According to the many analysts, leakers and whistleblowers, Apple’s first standalone VR glasses would have been official for a long time. Instead, we had to wait until the WWDC 2023 keynote for the official launch of the Apple Vision Pro. Techkiva now gives you the first facts about the all-in-one AR headset from Apple.
After Oculus presented the Meta Quest 2, probably the best-known standalone VR glasses as the successor to the Oculus Quest, in September 2020, nobody would have guessed. But before Apple, Bytedance actually launched its Pico 4, HTC the Vive XR Elite and the former Facebook group the Meta Quest Pro. All of these models are all-in-one XR/VR headsets with more or less good mixed reality properties.
The Apple Vision Pro is official
But what Apple has delivered today after years of waiting cannot yet be precisely defined. Is the Apple Vision Pro a virtual reality (VR), extended reality (XR), mixed reality (MR), or augmented reality (AR) glasses? Probably a bit of everything. The optics of the almost $3,500 Vision Pro can best be described as ski or diving goggles without a snorkel. The Apple Vision Pro is equipped with advanced technology that eliminates the need for a controller. Instead, you can navigate through its functions using your fingers, voice commands, and even eye movements.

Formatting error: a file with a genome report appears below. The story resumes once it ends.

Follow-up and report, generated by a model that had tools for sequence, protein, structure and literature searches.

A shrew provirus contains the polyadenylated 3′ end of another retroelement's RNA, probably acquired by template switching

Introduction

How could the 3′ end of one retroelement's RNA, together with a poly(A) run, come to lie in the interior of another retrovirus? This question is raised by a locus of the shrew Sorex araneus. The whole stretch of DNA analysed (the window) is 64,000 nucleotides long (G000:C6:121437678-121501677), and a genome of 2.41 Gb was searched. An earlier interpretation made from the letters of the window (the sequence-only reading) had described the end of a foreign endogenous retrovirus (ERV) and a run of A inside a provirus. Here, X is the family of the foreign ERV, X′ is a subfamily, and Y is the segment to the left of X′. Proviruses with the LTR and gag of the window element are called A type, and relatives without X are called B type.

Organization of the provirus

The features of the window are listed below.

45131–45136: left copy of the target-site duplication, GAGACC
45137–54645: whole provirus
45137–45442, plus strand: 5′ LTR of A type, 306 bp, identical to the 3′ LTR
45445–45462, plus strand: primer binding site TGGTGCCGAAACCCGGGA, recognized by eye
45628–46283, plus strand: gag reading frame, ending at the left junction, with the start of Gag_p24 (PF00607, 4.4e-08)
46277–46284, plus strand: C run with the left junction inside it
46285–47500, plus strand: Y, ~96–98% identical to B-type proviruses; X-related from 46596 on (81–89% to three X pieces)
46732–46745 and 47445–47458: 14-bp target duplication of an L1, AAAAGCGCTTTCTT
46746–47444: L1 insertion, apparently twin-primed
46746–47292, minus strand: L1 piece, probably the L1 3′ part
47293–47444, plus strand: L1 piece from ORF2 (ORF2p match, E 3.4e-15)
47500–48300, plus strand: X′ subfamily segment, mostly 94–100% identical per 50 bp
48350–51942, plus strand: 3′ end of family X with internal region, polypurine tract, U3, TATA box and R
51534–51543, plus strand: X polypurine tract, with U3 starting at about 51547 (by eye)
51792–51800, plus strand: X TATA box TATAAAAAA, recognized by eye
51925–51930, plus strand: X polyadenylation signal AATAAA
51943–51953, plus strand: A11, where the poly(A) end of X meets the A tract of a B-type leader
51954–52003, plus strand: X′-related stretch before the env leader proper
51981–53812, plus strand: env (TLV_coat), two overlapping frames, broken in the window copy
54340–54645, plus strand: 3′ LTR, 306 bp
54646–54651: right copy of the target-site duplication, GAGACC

There is a rotating crown for transparency between reality and what the glasses show you on the two Micro-OLED displays with over 23 million pixels. The Vision Pro draws power from an external battery, which is connected to the side of the headband with a MagSafe cable and is intended to provide power for two hours. The Apple AR glasses are equipped with countless IR sensors, lidar and high-resolution cameras, which require decent performance for real-time 3D playback. An Apple M2 and an Apple R1 chipset do this for the Vision Pro.
After testing the Meta Quest Pro, we noticed a certain pressure on the forehead after a short period of time. A problem that the Apple Vision Pro should not have. The Apple AR glasses feature a thick, yet flexible, light protection around the eyes that seamlessly adapts to the contours of the face. The glasses are held in place at the back by a fabric strap designed to provide optimal cushioning, breathability, and stretchability. This strap can be easily adjusted to achieve a perfect fit.
The pre-installed operating system on the Apple AR glasses is called visionOS, which is built upon the foundations of macOS, iOS, and iPadOS. For now, the Apple Vision Pro is only available for $3,500 in the US. However, other countries are to follow shortly, although in my opinion the target group should be fairly manageable for the time being. But I could also be wrong.
What do you say about the Apple Vision Pro? Is that a device you can imagine getting yourself in the near future? Let us know what you think about Apple’s AR/VR/MR/XR glasses in the comments.